The first question put was, by what wrong had he been driven to make war on the Roman People with such determined enmity as to bring himself and his kingdom into utmost danger?
While all awaited an answer, he gazed silently at the ground for a long time and wept.
Then the consul asked again: “If you had received the kingdom as a young man, I should indeed be less surprised that you were unaware how powerful the Roman People is as a friend or as an enemy.
As it is, since you had a part in the war which your father waged with us, and since you were aware of the peace that followed, which we observed with the utmost faithfulness toward him, what reasoning led you to prefer war rather than peace with men whose power in war, whose good faith in peace, you had alike tested?”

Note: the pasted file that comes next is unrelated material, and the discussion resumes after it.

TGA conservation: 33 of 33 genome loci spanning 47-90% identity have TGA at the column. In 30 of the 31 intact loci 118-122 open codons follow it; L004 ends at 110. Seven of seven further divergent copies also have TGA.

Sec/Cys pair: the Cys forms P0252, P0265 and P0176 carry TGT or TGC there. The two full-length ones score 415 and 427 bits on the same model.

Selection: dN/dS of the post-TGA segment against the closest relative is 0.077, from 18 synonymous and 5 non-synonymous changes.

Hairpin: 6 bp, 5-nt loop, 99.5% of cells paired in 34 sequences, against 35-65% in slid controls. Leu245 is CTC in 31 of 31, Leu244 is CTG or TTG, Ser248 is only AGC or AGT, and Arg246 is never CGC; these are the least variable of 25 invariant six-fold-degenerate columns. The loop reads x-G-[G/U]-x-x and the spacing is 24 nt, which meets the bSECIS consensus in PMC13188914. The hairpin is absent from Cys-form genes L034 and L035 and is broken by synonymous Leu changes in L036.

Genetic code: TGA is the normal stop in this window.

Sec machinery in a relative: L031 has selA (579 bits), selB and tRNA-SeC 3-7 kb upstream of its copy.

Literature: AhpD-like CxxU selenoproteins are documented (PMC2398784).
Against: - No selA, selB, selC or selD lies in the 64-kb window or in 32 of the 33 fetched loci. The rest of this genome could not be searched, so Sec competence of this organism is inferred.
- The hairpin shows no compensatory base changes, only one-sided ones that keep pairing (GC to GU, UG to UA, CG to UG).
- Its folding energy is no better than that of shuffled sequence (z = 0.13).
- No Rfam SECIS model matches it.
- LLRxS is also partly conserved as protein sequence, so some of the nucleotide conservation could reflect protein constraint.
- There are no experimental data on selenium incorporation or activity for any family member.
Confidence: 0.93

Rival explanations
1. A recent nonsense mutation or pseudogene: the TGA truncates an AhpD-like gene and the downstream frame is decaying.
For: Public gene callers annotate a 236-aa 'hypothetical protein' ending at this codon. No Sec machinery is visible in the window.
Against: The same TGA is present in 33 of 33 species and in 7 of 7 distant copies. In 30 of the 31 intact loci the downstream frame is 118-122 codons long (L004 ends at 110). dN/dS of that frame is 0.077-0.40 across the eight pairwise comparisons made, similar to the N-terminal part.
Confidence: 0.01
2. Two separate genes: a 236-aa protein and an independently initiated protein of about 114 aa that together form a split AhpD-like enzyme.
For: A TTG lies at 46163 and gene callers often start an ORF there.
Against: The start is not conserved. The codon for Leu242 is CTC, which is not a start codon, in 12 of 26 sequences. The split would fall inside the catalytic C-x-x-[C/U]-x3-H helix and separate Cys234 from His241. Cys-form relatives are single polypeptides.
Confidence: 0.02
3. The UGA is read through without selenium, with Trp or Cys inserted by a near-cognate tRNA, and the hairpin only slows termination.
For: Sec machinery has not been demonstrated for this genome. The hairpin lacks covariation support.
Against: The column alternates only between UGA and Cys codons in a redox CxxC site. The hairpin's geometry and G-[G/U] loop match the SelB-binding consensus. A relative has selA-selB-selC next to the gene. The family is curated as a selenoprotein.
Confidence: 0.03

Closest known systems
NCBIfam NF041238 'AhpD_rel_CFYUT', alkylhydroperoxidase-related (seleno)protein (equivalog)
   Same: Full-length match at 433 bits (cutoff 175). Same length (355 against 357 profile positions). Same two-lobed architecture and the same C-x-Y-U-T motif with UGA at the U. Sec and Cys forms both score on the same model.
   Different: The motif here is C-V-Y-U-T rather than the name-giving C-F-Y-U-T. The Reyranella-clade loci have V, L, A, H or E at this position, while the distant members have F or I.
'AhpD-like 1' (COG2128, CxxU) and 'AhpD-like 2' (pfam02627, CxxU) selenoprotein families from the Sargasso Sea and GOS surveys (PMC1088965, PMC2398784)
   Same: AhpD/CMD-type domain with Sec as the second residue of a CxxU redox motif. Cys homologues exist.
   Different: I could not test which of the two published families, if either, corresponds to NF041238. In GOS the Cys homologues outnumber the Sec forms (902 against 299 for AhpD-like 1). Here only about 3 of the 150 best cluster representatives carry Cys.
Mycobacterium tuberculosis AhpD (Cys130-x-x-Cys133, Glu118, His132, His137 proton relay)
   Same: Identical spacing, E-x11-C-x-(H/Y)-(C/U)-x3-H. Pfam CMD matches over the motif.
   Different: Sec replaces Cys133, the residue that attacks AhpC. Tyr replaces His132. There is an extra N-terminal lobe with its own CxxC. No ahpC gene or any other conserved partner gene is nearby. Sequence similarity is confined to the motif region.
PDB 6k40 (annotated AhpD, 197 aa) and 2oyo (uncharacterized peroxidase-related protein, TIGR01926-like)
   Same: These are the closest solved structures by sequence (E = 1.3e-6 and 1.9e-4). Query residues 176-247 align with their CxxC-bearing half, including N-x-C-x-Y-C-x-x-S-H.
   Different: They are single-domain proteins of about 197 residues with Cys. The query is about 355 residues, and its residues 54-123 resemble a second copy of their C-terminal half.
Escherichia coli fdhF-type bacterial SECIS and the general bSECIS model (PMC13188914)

When no reply either to the question or the accusation was forthcoming, the consul continued, “However that may be, whether it has occurred through human mistake or chance or law of nature, be of good [p. 271]
cheer. The misfortunes of many kings and of many1
peoples have shown that the mercy of the Roman People offers you not only hope, but an almost positive assurance of safety.”
This the consul said in Greek to Perseus; then he continued in Latin to his staff: “You see before you a notable example of the changefulness of human affairs. I say this especially for you, young men. Therefore it is proper to offer no insult or violence to anyone, while one is in favourable circumstances, and not to trust to one's present fortune, since no one knows what evening will bring.
He will be truly a man, in a word, whose spirit is neither deflected from its course by the breath of prosperity, nor broken by misfortune.”
When the meeting was dismissed, the task of guarding the king was assigned to Quintus Aelius.
On that day Perseus was entertained by the consul, and every other token of respect was shown him which could be shown under such circumstances.
The army was then released to winter quarters.